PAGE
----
“Everybody wants their kids to be the next president,” Kitchen says.

Steinke has also noticed this change in attitude toward manufacturing. He has worked at various Wisconsin manufacturing companies since 1982 and says that when he took a job in the industry after earning his degree at the Milwaukee School of Engineering, it was judged a good career move.

“There was pride in the workmanship,” Steinke recalls. “It wasn’t considered a bad thing to be in manufacturing.”

According to a report by the U.S. Bureau of Labor Statistics, the average weekly salary for a manufacturing worker in Wisconsin was $1,035 in 2011, or about $54,000 a year.
And manufacturing promises to be a growth industry, assuming businesses can find enough qualified workers. The Bureau of Labor Statistics projects a 14.3 percent national growth in the number of manufacturing jobs between 2010 and 2020.

Alex Leonhardt works at Mahuta Tool in Germantown. Leonhardt got interested in a career in manufacturing through a robotics competition sponsored by manufacturing companies. Credit: Holly Hartung.

Program launched career

Among the most innovative programs for getting young people interested in manufacturing careers is Bots IQ Wisconsin, a competition in which high school students design and build robots with the help of manufacturers. Retzer, head of the Milwaukee chapter of the National Tooling and Machining Association, said companies, including Strohwig, sponsor teams, make parts for their robots and mentor students along the way.

Retzer gives the teams he sponsors a tour of Strohwig so they can see what manufacturing is actually about. He says they’re often surprised.

SIDEBAR

Second chance: Learning by doing

As a learning specialist at the Second Chance Partners for Education program in Menomonee Falls, Doug Baisley works closely with both manufacturers and students. He says employers are generally looking for work skills that are not all that technical.

“What they really talk about is the basic employment skills — getting to work on time, being there every day, committing to doing your best work,” Baisley says. “Things of that nature that many people don’t think of as skills, but that are lacking in a large population of people seeking jobs.”

Second Chance is a nonprofit group that promotes alternative education for high school juniors and seniors who are disengaged or unsuccessful in a traditional classroom setting. Students spend two hours a day in a classroom learning skills like blueprint reading and teamwork, then spend six hours working in a manufacturing facility.

“We place students in actual manufacturing facilities, working actual manufacturing jobs, where they’re being depended on as members of a team,” Baisley says. “So they understand through experience that the basic job skills that we are teaching them in the classroom are very much valued on the job.”

The popularity of Second Chance has grown over the years. In 2002, the first class graduated with five students. The program now involves more than 200 students in 21 school districts throughout the state.

Sentry has participated in Second Chance during the past two years. Rick Steinke, Sentry Equipment Corp.’s vice president of manufacturing, calls it a “really strong program for us,” saying the combination of classroom learning and practical skill development is “a win for everybody.”

“They’re not dirty smoke-stack industries that everybody thinks is manufacturing,” Retzer says. “And they’re not the mundane, routine jobs. They’re mentally challenging and they’re very fulfilling from the mental and from the career and earnings part.”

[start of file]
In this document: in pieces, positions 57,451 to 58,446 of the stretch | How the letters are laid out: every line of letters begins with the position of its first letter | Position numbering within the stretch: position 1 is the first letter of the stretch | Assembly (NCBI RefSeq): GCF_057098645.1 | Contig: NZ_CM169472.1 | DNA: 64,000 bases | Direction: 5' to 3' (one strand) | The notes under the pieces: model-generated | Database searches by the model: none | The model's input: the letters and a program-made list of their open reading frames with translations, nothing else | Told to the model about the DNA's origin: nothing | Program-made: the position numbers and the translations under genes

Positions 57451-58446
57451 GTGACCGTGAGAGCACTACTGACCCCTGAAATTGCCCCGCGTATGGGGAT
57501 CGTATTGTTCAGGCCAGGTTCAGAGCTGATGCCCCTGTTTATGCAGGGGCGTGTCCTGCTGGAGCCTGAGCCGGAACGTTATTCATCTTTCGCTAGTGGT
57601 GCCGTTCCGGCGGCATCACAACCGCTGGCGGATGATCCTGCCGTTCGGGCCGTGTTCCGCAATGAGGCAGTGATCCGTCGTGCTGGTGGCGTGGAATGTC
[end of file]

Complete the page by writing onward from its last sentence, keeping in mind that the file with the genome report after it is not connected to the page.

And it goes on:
Alex Leonhardt, a former Bots IQ competitor and current employee at Mahuta Tool in Germantown, says the competition got him interested in manufacturing, which has turned out to be lucrative.

“I actually had my mother call me a ‘factory rat’ when I first started working in the trade,” says Leonhardt, 23. “Then, over the last few years when my pay started to increase — she always did my taxes — she finally started to realize that I was making $10,000 more a year than she was, and I am not even at my final wage yet.”

Leonhardt works as a computer numerical control programmer, which means he reads the blueprints for a specific machine part and writes computer programs to ensure that they get cut properly from a solid block of steel.

Leonhardt is in the final stages of completing a five-year apprenticeship with Mahuta, which will earn him his journeyman’s card and the title of tool and die maker, meaning he is qualified to work in any tool and die shop in the nation. As part of the apprenticeship, Mahuta paid for him to get his two-year associate’s degree from Moraine Park Technical College.

When Lee Heinecke graduated from Oconomowoc High School in 2007, he, like many 18 year olds, had no idea what kind of a career he wanted to go into. So when his cousin told him about an opening at Sentry, Heinecke thought, “Why not?”

While Heinecke, 23, had toured a factory before — his uncle was a machinist — he started work at the company not knowing what to expect. He enjoyed the work and began taking classes at Waukesha County Technical College. Sentry paid for the first two semesters.

“I feel like there’s a lot of room for growth for me here,” he says. “I’m excited for it.”

Wisconsin Center for Investigative Journalism reporter Lukas Keapproth contributed to this report, which grew out of a UW-Madison journalism class taught by Professor Deborah Blum, in collaboration with the nonprofit, nonpartisan Center (www.wisconsinwatch.org). The Center also collaborates with Wisconsin Public Television, Wisconsin Public Radio and other news media.

All works created, published, posted or disseminated by the Center do not necessarily reflect the views or opinions of UW-Madison or any of its affiliates.